The last two and a half miles were on a long, straight road that seemed to go on forever. At that point, I was pretty much by myself, and it was pretty painful, but also hope-filled since I knew I was getting really close. Below is a picture of me near the finish line.
I guess I looked pretty bad when I finished because three people all together tried to pull me into a wheelchair moments after I finished, but I refused because I couldn’t imagine sitting down at that point–I would have thrown up or passed out, I think. I literally had to yell at them to get them to leave me alone. A few moments later, a woman was handing out protein drinks, and I wanted one, so I looked at her to get one, but when she saw me, instead of giving me a drink, she gave me a concerned look and told me she was a nurse–could she help me? A few steps later, I realized I was being followed, and the wary guy who realized he had been caught hastily told me that he was just making sure I was ok (I guess he didn’t want me yelling at him, too). He hustled me ahead of the line to exit where I could receive my Tiffany finisher’s necklace and get a picture taken with a tuxedoed fireman if I wanted (I didn’t) and pick up my finisher’s shirt. He pointed me several times to the medical tent, which I ignored.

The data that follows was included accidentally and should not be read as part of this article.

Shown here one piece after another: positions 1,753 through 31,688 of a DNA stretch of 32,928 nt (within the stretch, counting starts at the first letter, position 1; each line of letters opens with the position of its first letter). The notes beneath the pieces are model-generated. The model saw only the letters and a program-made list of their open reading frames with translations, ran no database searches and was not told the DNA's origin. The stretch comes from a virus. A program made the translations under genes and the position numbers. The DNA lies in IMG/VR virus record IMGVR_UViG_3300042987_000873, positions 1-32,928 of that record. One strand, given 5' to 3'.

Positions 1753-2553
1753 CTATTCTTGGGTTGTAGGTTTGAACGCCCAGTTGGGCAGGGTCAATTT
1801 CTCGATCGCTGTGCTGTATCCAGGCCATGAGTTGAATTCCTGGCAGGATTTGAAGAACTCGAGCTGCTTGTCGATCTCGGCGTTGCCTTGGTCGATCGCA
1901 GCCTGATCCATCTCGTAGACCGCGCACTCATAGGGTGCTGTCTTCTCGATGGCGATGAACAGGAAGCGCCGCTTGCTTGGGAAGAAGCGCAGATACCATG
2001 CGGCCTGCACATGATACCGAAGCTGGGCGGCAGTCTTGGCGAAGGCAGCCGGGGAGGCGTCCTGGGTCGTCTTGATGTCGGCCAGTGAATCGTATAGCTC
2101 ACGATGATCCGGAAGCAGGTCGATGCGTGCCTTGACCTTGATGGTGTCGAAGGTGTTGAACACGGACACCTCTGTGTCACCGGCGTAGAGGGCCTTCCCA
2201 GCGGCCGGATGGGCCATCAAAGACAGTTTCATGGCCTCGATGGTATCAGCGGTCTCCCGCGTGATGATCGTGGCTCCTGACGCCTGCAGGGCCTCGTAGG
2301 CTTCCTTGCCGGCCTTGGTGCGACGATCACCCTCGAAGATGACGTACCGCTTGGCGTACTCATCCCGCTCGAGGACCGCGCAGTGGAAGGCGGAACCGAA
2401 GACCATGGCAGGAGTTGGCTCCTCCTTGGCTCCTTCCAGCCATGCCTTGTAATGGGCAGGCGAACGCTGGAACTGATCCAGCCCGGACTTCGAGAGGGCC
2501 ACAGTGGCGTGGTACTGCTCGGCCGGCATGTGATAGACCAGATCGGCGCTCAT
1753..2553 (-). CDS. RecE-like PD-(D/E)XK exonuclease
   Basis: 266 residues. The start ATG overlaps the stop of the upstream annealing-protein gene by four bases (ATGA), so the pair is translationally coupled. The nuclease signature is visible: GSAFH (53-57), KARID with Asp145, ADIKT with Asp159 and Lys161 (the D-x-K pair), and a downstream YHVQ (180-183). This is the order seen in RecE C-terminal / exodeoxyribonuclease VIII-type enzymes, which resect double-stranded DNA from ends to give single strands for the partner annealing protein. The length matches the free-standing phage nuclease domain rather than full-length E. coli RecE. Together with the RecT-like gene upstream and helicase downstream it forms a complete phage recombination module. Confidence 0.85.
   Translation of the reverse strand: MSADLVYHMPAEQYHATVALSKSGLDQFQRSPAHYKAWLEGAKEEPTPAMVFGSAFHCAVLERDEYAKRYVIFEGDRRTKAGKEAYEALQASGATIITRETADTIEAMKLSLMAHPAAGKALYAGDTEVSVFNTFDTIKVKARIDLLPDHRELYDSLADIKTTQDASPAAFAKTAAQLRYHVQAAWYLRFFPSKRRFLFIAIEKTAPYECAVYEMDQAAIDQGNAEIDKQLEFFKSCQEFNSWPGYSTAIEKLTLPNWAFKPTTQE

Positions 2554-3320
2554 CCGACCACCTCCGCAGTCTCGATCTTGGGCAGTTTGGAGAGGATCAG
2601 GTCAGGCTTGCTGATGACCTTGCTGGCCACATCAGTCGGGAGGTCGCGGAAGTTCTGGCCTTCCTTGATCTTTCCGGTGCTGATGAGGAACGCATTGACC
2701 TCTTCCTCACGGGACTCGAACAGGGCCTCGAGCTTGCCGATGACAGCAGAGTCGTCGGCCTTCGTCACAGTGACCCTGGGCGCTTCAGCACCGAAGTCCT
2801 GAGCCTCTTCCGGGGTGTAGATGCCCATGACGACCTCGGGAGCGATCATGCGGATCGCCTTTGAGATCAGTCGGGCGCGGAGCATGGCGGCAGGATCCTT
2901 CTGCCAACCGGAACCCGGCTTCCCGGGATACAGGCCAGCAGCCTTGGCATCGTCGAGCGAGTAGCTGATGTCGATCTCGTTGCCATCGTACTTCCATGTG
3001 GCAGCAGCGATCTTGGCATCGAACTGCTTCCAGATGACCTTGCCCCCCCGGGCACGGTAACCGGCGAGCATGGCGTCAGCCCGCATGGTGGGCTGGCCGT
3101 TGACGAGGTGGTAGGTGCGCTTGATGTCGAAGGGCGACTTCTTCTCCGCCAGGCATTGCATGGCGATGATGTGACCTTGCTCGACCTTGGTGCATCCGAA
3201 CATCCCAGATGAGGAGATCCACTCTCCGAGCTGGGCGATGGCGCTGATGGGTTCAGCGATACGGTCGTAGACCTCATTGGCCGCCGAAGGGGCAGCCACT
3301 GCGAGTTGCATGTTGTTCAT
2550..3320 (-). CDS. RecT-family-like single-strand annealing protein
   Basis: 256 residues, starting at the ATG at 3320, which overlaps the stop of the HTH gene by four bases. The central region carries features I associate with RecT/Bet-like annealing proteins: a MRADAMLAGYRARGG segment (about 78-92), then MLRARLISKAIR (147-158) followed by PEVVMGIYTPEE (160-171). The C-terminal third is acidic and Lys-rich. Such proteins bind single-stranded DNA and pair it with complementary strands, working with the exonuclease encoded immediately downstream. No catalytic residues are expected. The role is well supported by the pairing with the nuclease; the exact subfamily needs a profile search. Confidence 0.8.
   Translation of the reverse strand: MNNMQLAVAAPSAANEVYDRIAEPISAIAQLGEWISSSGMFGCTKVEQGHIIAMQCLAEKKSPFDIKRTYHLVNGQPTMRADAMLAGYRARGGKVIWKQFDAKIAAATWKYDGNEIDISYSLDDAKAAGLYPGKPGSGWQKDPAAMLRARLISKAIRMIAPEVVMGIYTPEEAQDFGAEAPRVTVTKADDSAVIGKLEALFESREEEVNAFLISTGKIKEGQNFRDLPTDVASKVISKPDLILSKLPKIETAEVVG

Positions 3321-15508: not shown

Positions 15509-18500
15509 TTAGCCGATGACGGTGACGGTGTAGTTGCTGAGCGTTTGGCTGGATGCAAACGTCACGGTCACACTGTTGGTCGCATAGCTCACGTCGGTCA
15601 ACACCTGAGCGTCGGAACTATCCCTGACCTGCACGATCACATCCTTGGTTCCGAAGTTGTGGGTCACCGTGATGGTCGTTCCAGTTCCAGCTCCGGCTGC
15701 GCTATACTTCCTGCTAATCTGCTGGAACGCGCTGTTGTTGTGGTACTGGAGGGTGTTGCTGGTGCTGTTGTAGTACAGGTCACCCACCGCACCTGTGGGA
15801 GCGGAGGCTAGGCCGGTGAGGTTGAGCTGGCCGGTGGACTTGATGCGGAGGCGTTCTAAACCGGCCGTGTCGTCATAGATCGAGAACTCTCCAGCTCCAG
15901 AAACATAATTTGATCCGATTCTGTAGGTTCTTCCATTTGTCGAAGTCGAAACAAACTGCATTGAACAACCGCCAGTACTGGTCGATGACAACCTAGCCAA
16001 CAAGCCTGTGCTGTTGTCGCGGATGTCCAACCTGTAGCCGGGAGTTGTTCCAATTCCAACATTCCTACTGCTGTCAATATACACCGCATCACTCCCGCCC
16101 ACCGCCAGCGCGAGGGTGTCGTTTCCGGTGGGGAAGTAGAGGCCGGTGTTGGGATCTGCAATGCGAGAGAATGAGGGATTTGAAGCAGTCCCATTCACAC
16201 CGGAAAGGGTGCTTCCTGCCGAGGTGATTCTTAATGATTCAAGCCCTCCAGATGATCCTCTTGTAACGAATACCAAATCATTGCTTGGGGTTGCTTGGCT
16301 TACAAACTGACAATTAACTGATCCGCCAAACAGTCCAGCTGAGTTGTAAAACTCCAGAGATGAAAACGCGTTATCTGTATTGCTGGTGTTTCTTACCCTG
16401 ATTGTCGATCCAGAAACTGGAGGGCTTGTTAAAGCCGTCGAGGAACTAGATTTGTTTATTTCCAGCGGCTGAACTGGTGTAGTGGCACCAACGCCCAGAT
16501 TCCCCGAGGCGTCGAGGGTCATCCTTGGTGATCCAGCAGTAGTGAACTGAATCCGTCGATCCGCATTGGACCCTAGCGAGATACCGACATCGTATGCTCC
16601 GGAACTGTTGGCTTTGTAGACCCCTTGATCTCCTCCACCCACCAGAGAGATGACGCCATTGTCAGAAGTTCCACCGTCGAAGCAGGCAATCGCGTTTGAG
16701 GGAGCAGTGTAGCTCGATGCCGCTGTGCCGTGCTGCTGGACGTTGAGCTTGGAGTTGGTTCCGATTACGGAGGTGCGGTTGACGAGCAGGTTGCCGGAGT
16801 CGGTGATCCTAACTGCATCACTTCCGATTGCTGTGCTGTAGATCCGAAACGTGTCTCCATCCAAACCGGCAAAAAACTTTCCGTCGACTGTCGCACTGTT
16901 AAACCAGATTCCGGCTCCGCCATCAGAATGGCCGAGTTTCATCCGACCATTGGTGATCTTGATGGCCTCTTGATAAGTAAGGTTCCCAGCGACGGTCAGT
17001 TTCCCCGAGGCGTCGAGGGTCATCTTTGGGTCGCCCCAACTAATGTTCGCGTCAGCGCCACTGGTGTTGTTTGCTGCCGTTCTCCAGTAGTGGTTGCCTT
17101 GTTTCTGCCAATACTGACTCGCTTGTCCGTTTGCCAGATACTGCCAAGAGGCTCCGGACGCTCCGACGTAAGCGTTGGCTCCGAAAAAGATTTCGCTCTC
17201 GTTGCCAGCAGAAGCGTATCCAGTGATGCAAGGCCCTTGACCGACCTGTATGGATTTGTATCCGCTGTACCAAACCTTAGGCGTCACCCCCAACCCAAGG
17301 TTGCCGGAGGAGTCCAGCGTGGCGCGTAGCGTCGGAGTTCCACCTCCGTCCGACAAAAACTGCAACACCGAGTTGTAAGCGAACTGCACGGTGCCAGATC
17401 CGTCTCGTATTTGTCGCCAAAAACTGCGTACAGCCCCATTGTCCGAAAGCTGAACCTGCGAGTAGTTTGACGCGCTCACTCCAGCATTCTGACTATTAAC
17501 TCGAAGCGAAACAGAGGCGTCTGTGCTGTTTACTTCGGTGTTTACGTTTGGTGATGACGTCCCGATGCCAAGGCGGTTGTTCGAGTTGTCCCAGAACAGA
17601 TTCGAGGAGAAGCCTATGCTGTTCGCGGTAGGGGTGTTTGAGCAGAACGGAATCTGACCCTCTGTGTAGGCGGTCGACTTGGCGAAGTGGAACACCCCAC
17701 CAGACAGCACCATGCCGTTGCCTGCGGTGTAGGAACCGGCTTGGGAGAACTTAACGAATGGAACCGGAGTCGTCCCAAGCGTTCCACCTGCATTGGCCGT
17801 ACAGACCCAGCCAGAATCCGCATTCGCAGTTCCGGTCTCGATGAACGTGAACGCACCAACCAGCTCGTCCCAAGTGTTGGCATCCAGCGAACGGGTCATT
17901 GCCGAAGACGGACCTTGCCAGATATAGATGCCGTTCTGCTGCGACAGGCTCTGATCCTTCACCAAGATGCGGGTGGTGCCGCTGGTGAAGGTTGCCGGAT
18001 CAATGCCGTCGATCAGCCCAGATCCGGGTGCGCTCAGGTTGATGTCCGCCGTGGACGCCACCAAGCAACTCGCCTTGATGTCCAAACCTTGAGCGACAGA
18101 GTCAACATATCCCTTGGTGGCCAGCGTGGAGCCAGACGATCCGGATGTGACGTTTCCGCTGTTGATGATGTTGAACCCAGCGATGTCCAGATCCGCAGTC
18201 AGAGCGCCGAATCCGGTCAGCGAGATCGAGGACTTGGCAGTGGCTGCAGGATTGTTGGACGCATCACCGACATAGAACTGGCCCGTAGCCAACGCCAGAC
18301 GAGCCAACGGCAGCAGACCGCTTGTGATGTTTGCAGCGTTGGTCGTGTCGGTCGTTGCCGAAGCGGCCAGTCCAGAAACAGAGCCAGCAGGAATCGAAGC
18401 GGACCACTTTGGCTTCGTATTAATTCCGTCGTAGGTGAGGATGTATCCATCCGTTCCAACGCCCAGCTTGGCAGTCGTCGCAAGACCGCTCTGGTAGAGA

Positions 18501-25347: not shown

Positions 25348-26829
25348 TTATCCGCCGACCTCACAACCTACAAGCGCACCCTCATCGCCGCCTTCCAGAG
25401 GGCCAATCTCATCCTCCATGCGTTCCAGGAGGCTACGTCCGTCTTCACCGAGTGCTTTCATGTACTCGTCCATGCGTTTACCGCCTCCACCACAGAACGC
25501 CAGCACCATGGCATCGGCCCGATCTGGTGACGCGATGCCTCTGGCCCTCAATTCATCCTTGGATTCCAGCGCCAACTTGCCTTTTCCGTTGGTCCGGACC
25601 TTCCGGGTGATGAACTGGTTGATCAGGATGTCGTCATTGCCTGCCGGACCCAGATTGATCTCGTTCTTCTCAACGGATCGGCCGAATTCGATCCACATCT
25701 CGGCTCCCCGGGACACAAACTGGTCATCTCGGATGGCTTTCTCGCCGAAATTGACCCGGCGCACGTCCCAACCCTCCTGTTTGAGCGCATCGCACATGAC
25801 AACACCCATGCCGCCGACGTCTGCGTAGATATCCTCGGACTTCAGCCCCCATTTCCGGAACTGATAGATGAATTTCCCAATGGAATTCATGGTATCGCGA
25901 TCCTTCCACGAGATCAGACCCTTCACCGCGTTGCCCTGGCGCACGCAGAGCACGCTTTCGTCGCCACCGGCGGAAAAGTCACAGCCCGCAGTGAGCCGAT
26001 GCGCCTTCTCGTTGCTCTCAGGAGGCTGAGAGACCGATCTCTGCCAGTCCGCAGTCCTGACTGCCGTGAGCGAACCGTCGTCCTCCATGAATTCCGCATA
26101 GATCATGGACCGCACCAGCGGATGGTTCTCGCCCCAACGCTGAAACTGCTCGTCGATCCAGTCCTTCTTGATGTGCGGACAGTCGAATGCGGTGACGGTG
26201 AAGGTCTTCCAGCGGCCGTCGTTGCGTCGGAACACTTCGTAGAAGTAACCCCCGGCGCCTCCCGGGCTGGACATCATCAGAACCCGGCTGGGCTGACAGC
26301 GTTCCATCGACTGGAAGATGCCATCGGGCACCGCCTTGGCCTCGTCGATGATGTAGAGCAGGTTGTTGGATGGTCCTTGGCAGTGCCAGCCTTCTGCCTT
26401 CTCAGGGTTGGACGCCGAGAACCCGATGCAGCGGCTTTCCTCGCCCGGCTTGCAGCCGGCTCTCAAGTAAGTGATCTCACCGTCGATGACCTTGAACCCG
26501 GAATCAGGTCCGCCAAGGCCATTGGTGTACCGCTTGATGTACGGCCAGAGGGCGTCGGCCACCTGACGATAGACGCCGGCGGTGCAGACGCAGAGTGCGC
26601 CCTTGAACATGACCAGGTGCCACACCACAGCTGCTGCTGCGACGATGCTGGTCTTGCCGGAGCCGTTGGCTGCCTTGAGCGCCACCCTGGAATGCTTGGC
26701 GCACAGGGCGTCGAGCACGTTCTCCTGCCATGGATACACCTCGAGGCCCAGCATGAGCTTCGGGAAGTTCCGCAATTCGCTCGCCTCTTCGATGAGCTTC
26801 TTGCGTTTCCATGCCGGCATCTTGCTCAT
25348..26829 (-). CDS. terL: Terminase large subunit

I headed to check out at the TNT tent, so they would know I had finished, but by that point, I started to feel the pain that I guess must have been written on my face as soon as I had finished. My mom, Mr. C, and Ellen found me, and I was able to get a few pictures taken with them in between waves of pain. But then it got a little too intense, and I decided to head over to the medical tent after all, just in case…
…where I stayed for another half hour or so while they checked me out, cleaned and bandaged my blisters (I had one blood blister that was so huge and gross that it made two separate RNs gasp), gave me water and Gatorade, and finally determined that I was ok to release. I was probably dehydrated, but I was fine–I’m usually in a good amount of pain after a long run. They let me keep the cool Red Cross blanket!
As you can see on the back of my shirt below, I did this whole thing in honor of my sister Tiffany who died of leukemia. I did it to help others going through the same ordeal. I did it to honor my father, who also died of cancer, who did a Team in Training event years before my sister was diagnosed. I did it to honor my mother, who lost even more than I did when she lost her husband and daughter. I did it to see if I could do it in the time I wanted, and thankfully, God allowed me to get very close to my goal time, just nine seconds away: 3:31:08 and tenth in my age group. I did it to qualify for the Boston Marathon, a goal I’ve had for a long time, which I was also thankfully able to do. Praise God for His goodness in allowing me to do so much of what I had hoped!
After cleaning up afterwards, I limped over to the Cheesecake Factory at the top of Macy’s in Union Square (pretty much every muscle in my body was sore for days afterwards) and celebrated my nephew’s 19th birthday with my brother, his wife, my mom, Mr. C, and Ellen with key lime cheesecake and chocolate mousse cheesecake. Could there be a better finish?